Flowery advertising, tempting toilets for shrews, bat beacons and more in this week’s news

Flowers rely on advertising
Some unusual graffiti has demonstrated just how important advertising signs are among flowers in the wild. Six white streaks on the dark flower of a kind of South African wild iris point to the vital “insert proboscis here” opening for sipping nectar. Scribbling ink over some or all of those guide marks did not make much difference in whether pollinators approached a flower. But few pollinators sipped from defaced flowers, and pollen spread dropped as low as zero, report Dennis Hansen and colleagues at the University of KwaZulu-Natal in South Africa in an upcoming Proceedings of the Royal Society B. —Susan Milius

SWEET SPOT Flowers dress for success, not just style: a study of white marks on the petals of a wild iris species in Africa, shown here with a Prosoeca fly, supports the long-standing idea that petal patterns encourage insect visits. Dennis Hansen

Hope for cod comeback
A new crunching of four decades of data suggests that predatory fishes such as cod may finally have an opportunity to increase their numbers. So far, the overfished Scotian Shelf off Canada’s east coast has not bounced back despite a virtual fishery shutdown beginning in the early 1990s. For 15 years, numbers of cod and other predatory fish species have stayed low while plankton-eating fish and larger invertebrates boomed. Now, plankton eaters appear to have outpaced their food supply, and their decline gives predators like cod a chance, Kenneth Frank of the Bedford Institute of Oceanography in Nova Scotia and his colleagues argue online July 27 in Nature. —Susan Milius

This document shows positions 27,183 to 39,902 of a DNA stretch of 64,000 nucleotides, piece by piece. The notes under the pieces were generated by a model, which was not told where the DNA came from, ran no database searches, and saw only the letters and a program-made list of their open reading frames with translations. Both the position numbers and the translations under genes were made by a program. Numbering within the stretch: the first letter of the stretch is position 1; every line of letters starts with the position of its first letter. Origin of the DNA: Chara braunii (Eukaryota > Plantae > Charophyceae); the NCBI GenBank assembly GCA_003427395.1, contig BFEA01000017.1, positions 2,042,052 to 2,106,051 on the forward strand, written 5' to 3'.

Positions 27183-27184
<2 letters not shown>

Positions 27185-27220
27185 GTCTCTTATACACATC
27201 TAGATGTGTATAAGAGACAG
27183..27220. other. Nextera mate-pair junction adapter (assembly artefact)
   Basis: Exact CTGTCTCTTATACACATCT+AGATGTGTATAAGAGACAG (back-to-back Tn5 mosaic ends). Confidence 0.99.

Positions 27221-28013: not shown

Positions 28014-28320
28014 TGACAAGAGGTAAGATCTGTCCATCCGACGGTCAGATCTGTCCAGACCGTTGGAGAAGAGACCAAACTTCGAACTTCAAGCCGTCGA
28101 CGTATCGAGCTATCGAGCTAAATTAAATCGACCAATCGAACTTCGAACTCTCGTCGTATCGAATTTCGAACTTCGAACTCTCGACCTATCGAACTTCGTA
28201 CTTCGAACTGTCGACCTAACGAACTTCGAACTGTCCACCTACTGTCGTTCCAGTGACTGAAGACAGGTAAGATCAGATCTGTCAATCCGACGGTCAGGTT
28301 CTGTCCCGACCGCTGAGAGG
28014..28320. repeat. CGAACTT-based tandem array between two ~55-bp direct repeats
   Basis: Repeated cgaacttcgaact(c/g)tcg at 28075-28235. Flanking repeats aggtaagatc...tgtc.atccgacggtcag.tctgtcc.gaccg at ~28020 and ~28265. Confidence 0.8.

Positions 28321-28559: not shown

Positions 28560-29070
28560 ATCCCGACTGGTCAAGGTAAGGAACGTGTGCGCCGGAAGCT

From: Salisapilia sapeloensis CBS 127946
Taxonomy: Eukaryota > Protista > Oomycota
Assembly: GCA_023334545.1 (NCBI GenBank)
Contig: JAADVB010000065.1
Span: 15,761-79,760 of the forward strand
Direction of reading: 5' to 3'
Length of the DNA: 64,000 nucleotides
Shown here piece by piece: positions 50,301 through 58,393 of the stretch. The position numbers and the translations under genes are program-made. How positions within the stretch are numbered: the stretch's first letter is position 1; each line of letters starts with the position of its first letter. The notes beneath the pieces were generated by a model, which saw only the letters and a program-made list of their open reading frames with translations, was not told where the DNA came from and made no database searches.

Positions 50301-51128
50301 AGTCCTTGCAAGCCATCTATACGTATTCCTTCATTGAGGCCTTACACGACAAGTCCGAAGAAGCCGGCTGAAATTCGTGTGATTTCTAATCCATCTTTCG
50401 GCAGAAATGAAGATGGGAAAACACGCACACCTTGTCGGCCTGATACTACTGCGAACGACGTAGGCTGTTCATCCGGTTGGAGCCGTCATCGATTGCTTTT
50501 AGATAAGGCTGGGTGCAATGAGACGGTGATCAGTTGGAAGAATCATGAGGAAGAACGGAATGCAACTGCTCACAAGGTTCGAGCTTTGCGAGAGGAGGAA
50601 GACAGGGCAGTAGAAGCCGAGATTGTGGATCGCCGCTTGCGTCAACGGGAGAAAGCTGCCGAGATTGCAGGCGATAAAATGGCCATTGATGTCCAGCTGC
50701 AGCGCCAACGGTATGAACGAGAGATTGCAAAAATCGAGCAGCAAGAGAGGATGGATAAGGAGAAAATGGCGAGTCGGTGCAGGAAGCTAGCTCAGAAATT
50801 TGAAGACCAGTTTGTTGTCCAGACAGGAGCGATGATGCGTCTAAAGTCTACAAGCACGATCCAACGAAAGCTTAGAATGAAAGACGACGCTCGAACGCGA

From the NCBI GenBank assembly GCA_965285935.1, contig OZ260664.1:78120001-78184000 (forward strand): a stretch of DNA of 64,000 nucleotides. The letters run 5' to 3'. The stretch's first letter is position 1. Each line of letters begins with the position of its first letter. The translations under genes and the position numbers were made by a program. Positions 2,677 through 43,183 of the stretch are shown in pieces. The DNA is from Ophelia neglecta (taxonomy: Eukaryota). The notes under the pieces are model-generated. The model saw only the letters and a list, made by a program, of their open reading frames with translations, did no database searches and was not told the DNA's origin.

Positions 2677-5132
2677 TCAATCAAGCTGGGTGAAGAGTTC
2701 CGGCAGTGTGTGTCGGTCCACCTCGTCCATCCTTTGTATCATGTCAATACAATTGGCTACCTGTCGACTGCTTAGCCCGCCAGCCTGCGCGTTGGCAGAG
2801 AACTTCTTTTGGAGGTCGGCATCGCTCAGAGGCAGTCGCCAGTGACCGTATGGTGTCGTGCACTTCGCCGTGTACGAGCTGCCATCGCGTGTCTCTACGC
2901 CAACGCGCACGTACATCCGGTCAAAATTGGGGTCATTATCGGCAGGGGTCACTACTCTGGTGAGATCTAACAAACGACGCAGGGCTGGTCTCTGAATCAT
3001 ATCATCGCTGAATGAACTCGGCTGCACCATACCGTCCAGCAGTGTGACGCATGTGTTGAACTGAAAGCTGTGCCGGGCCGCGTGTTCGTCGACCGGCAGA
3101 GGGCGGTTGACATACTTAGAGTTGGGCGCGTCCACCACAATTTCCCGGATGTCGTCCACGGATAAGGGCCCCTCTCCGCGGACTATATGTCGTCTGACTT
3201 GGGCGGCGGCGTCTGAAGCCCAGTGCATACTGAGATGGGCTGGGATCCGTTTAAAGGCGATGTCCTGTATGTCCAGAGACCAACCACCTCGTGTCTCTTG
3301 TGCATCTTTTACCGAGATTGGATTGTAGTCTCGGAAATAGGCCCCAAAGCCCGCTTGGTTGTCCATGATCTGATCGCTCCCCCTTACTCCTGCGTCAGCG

Fruit of the loo
One of nature’s toilets uses fruity odors to lure furry critters to its dangerous rims. In Borneo, the carnivorous pitcher plant Nepenthes rajah is a favorite throne for tree shrews and rats. While perched on the pot, animals simultaneously lick the plant’s lid and deliver a nutrient-rich poopy present. And they occasionally drown in the bowl, which is filled with soupy digestive juices, insects and fecal matter. Now, scientists from Germany and Malaysia think they know what keeps small mammals coming back to these toilets: the lid exudes hydrocarbons, esters, ketones and alcohols — compounds that produce a tempting fruity or flowery fragrance, the team reports in July’s Journal of Tropical Ecology. —Nadia Drake

Leafy beacons beckon bats
Even though they’re not as flashy as their floral neighbors, plain old leaves can attract pollinators, too. Bats bounce echolocation signals off leaves growing on the bat-pollinated Cuban rainforest vine Marcgravia evenia, scientists from Germany and the U.K. report July 29 in Science. An odd, dish-shaped leaf hangs above the vine’s ring of flowers. Shooting simulated echolocation calls at the leaf produced a strong, multidirectional and invariant reflection. Removing the leaf doubled the foraging time of nectar-feeding bats, suggesting that it is indeed an echo-acoustic beacon for nocturnal pollinators. The leaf’s strange shape and orientation affects its photosynthetic efficiency, but scientists think that the cost is balanced by the benefits of aiding bat pollination. —Nadia Drake

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